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Fitness fit for a gamer, a history of platformers, and much more.
Mornin’. What a week, huh? Congratulations to the Denver Nuggets, who won their first NBA title by beating the Miami Heat four games to one.
You needn’t be a basketball fan to appreciate Colorado’s capital city. Here are five facts about it:
The “Mile-High City” really is a mile (1,609 meters) above sea level.
Because of Denver’s thinner atmosphere, balls travel 10% further, alcoholic drinks hit harder, and the sun feels warmer.
Denver is dryer than Phoenix and gets more annual hours of sun than San Diego.
It’s a young city. In 1860, there were more than 800,000 people in New York City, more than 100,000 in Chicago, and 57,000 in San Francisco—but not quite 5,000 in Denver.
—Andrew Nusca, Eric Alt, Marques Edge
What’s up and down in the world rn.
Nerfed: Revenge spending. The two-year stretch of people furiously spending on flights, hotels, and other pandemic-suppressed services has finally eased. Here’s to, uh, revenge saving?
Nerfed: The supply chain. (Again.) Just when we thought the ol’ chain had returned to normal after the pandemic, a section of Interstate 95 collapses in Philadelphia. That sound you hear is 14,000 commercial trucks firing up Waze.
Buffed: The number 10. Famous athletes whose teams retired their signature No. 10 include Walt Frazier, Diego Maradona, Mo Cheeks, Chipper Jones, Eli Manning, and Pelé. Now we can add Sue Bird to that list. (We see you, Carli Lloyd.)
Nerfed: Literary America. R.I.P. Cormac McCarthy, 89, the stylish writer whose post-apocalyptic The Road won a Pulitzer Prize in 2007 and whom Steven King remembered as “maybe the greatest American novelist of my time.” —AN
Cheat Code: The ideal workout for an esports junkie
Change your game.
It took professional athletes for intensely physical sports like football, basketball, and hockey several decades before the concept of “fitness” as a lifelong pursuit took hold. Back in the 1970s and ‘80s, players usually wouldn’t touch a weight or a stationary bike until training camp.
In that respect, esports athletes are already ahead of the game.
Competitive gaming may be a largely sedentary pursuit, but pros already understand that physical fitness is as important as hand-eye coordination for keeping your game sharp. We’ve already covered gamer nutrition in this newsletter; now contributing writer Jordan Burchette sits down with certified strength and conditioning specialist Cody Braun to design the ideal gamer workout regime.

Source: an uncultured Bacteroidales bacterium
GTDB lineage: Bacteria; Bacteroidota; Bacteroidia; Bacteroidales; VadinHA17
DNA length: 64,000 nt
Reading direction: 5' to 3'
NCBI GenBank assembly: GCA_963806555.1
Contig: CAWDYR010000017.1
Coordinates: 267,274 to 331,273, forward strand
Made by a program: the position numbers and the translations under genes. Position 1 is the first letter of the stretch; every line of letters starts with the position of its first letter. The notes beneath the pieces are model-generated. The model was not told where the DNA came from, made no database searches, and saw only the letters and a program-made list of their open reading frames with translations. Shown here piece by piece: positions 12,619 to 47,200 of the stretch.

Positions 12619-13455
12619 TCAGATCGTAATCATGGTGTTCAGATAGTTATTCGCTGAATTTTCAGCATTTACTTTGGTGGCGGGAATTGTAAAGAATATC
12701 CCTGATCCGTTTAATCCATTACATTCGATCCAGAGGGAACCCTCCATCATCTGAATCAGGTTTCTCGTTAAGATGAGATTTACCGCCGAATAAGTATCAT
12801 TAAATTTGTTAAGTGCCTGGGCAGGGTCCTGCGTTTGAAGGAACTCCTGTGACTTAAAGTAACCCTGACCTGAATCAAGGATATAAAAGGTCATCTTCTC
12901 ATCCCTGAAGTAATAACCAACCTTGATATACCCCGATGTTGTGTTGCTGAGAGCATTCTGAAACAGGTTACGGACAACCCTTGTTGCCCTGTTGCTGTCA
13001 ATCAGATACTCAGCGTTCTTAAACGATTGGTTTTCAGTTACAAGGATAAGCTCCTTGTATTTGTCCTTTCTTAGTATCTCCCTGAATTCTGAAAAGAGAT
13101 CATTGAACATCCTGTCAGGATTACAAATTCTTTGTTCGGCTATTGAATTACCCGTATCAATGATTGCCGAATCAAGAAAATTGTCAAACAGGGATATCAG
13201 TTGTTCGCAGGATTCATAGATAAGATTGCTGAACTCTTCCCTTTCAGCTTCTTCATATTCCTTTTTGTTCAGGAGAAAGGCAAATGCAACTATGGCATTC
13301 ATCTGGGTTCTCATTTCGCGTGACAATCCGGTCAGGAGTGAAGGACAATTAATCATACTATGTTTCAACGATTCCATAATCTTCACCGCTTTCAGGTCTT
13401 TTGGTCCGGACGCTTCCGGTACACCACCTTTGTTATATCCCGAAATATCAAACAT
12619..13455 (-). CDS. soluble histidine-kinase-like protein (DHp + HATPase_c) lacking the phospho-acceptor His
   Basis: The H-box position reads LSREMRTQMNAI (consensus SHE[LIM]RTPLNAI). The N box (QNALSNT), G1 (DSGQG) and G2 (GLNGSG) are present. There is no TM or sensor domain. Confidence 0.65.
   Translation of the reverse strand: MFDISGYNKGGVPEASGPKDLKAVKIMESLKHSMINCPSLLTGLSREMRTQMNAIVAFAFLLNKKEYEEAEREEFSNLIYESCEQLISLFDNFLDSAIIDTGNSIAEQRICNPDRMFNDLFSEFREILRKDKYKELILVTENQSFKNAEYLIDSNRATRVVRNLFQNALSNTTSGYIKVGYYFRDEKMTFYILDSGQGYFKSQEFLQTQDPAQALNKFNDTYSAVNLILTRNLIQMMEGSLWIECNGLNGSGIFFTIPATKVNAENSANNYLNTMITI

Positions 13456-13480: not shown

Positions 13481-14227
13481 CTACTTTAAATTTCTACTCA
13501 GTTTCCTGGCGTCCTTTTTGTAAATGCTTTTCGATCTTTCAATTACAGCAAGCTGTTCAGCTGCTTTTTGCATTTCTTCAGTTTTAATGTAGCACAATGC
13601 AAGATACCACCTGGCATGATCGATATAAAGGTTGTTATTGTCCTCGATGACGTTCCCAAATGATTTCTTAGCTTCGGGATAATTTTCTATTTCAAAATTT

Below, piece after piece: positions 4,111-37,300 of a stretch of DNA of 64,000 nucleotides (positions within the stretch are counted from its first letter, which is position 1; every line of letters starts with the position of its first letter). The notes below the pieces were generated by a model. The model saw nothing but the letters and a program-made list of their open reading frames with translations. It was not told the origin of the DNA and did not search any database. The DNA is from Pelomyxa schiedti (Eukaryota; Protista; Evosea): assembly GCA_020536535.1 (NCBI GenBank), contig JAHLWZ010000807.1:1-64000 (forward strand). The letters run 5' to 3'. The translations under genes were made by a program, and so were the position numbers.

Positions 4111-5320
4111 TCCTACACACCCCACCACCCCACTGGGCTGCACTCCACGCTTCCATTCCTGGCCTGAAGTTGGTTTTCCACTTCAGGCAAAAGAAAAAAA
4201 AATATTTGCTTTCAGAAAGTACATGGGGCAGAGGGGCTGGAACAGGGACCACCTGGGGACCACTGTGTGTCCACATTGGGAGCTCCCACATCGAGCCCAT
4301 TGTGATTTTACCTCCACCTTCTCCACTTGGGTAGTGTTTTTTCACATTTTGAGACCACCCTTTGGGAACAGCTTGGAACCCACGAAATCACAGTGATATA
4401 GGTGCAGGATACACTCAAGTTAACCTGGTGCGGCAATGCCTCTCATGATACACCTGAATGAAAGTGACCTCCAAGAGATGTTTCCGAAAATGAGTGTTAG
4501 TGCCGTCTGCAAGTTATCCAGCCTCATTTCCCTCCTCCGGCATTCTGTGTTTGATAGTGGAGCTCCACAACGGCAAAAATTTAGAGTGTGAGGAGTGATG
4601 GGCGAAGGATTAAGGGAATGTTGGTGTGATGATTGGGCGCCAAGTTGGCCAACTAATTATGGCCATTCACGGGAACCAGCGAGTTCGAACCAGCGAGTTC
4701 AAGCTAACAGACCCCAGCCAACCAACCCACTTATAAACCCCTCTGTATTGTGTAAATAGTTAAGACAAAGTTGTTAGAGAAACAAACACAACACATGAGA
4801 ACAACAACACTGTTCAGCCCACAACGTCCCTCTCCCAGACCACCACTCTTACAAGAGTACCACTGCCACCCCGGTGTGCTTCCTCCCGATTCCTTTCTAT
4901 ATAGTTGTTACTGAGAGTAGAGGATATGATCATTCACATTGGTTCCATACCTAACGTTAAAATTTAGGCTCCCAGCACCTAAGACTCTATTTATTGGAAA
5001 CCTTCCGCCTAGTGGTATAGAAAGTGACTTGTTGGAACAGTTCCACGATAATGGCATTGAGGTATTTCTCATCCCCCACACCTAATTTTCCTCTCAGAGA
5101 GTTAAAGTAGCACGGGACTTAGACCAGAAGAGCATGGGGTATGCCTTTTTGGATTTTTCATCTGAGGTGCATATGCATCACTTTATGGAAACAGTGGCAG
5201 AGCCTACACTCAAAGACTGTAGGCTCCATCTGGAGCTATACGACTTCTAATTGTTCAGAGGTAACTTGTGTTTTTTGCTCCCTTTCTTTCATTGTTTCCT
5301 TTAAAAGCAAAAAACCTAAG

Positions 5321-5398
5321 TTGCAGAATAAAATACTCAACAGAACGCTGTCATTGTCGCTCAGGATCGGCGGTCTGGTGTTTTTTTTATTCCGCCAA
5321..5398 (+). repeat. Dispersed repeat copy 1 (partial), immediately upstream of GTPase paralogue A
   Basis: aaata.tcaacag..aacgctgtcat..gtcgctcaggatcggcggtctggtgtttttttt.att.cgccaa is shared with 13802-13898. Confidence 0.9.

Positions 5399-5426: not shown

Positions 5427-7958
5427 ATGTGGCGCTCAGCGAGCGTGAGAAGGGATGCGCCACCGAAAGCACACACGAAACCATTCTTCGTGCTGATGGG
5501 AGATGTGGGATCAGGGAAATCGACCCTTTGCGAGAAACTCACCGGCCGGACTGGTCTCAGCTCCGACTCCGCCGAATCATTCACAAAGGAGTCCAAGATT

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Extractor: A brief history of the platformer
Investigations of interest.
In its earliest stages, video games were amorphous things. You had a few blinking dots or vector lines set inside black voids.
The so-called platformer—the nickname given to games where the primary objective was to run, jump, or climb up staggered or uneven platforms—gave it shape, gave it direction, gave it purpose.
But when did the platformer emerge and how did it evolve over time? Funny you should ask.
Executive editor Eric Alt has your cheat sheet right here.
We take portable gaming for granted today, but in 1989, the technology was just emerging to make it possible.
It’s hard to explain how highly anticipated the Atari Lynx was when it hit store shelves in 1989 (or 1990, depending on where you lived). Highly competitive with Nintendo’s Game Boy, which arrived to market at roughly the same time, Lynx turned out to be the Betamax to Game Boy’s VHS—that is, it was far more technologically advanced than its simpler rival (more powerful graphics, not to mention color) but managed to get outsold by several orders of magnitude. (The six AA battery requirement couldn’t have helped.)
It was at this time—with George H.W. Bush in the Oval Office, Margaret Thatcher in 10 Downing Street, and the Berlin Wall freshly fallen—that a young actor named Tobey Maguire took a job for a television commercial promoting a hot new gaming system. It would be the beginning of a, shall we say amazing, career in Hollywood. —AN
Click the following image and…well, we don’t want to ruin the surprise.
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